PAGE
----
On this day, Bo ruled the Fair Grounds stage. It’s speakers amplified the foundation of rock and roll.
He wore his felt hat with a big medallion that caught the setting sun. A turbo 5-speed guitar in hand. Glasses, amber-tinted and oversized. A go-tee flecked with gray. Three decades of driving rhythm and unbridled energy sweat through his pores.
In the crowd, a four-year-old called Trombone Shorty, holding a trombone so much bigger than him it made him lean to one side, was starting a legend of his own.
Trombone Shorty (born Troy Andrews) had music in his blood. His grandfather was R&B’s Jessie Hill (Alexa play “Ooh Poo Pah Doo” on Spotify). His older brother is trumpeter James Andrews.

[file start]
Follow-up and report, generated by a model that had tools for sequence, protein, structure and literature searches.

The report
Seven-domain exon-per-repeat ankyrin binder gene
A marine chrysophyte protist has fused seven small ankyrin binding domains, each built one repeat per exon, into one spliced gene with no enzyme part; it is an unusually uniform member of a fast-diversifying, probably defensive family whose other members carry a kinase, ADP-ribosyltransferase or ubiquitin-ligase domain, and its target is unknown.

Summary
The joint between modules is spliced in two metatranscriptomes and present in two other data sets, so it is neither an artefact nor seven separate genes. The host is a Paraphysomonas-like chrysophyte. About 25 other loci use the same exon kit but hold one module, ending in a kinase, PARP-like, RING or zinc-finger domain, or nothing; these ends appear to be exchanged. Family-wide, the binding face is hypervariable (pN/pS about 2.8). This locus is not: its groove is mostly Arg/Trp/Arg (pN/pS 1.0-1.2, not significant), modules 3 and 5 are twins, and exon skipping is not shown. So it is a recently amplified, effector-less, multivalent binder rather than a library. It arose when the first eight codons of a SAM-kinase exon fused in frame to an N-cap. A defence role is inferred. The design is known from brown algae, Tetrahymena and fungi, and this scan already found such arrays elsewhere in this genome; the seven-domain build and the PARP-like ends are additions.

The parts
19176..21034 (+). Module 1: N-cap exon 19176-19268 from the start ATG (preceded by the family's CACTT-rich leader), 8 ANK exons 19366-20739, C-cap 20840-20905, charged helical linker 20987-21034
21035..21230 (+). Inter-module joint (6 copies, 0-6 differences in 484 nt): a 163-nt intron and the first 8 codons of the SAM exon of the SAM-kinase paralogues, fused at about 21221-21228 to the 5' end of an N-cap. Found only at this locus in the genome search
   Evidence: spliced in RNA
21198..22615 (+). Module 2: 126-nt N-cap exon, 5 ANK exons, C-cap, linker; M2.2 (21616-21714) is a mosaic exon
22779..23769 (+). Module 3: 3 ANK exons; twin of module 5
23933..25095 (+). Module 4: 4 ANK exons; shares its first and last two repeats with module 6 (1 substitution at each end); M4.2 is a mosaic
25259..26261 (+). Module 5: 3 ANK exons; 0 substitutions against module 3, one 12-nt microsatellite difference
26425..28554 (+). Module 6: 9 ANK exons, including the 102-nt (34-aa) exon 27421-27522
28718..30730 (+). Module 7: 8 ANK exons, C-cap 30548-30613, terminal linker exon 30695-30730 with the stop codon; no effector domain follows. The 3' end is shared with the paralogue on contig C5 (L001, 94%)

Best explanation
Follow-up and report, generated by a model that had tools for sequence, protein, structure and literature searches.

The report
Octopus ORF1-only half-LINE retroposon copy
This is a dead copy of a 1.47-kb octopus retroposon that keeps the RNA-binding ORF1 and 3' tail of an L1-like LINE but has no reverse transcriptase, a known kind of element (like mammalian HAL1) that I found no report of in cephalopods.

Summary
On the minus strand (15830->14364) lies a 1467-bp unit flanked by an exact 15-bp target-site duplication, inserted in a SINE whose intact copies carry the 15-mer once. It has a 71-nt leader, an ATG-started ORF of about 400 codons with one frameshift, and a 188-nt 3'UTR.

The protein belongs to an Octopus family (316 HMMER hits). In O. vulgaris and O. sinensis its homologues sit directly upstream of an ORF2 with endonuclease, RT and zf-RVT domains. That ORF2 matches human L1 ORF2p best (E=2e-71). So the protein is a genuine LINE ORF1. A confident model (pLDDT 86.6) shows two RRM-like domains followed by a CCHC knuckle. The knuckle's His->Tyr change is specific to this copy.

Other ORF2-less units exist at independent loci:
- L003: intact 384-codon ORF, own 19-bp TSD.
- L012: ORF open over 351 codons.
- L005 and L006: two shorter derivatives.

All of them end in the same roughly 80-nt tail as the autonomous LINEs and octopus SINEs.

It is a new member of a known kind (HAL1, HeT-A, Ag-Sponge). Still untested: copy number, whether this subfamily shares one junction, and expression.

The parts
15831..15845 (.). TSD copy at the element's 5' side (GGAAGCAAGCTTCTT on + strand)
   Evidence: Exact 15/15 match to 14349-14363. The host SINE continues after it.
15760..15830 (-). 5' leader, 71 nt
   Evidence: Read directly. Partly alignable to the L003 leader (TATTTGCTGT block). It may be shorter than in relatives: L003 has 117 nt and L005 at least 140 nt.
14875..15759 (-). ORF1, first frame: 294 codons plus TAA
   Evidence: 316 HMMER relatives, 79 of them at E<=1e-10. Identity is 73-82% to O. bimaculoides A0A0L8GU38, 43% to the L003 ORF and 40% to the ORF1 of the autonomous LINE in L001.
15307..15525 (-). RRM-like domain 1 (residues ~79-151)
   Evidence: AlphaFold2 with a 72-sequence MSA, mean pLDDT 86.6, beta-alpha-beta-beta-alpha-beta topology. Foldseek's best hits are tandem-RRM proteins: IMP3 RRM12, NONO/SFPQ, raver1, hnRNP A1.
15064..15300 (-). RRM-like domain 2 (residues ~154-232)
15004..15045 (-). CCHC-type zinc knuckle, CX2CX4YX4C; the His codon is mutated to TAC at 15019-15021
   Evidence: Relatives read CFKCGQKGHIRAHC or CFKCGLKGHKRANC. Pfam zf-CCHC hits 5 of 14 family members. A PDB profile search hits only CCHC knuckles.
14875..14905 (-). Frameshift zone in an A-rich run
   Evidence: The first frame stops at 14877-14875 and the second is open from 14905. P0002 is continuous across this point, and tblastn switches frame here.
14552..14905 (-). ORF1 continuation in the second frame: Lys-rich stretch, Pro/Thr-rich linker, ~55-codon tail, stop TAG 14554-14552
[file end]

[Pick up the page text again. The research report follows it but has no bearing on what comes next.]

Shorty was already a local prodigy. He marched through the streets of Tremé with musicians twice his height and ten times his age regularly.
Today, he played in a parade with his brother by his side. James’ fingers two-stepped the keys. Shorty’s moved the slides, as far as he could at least.
Revelers danced and waved handkerchiefs. “Where y’at? Where y’at?” A chant rang out. On the sidelines, people danced history through the Calinda, the Bamboula.
And then someone, in the celebratory chaos Jazz Fest inspires, lifted Shorty up, trombone and all. Hundreds of hands passed him overhead and towards Bo until he arrived, shell-shocked, on stage.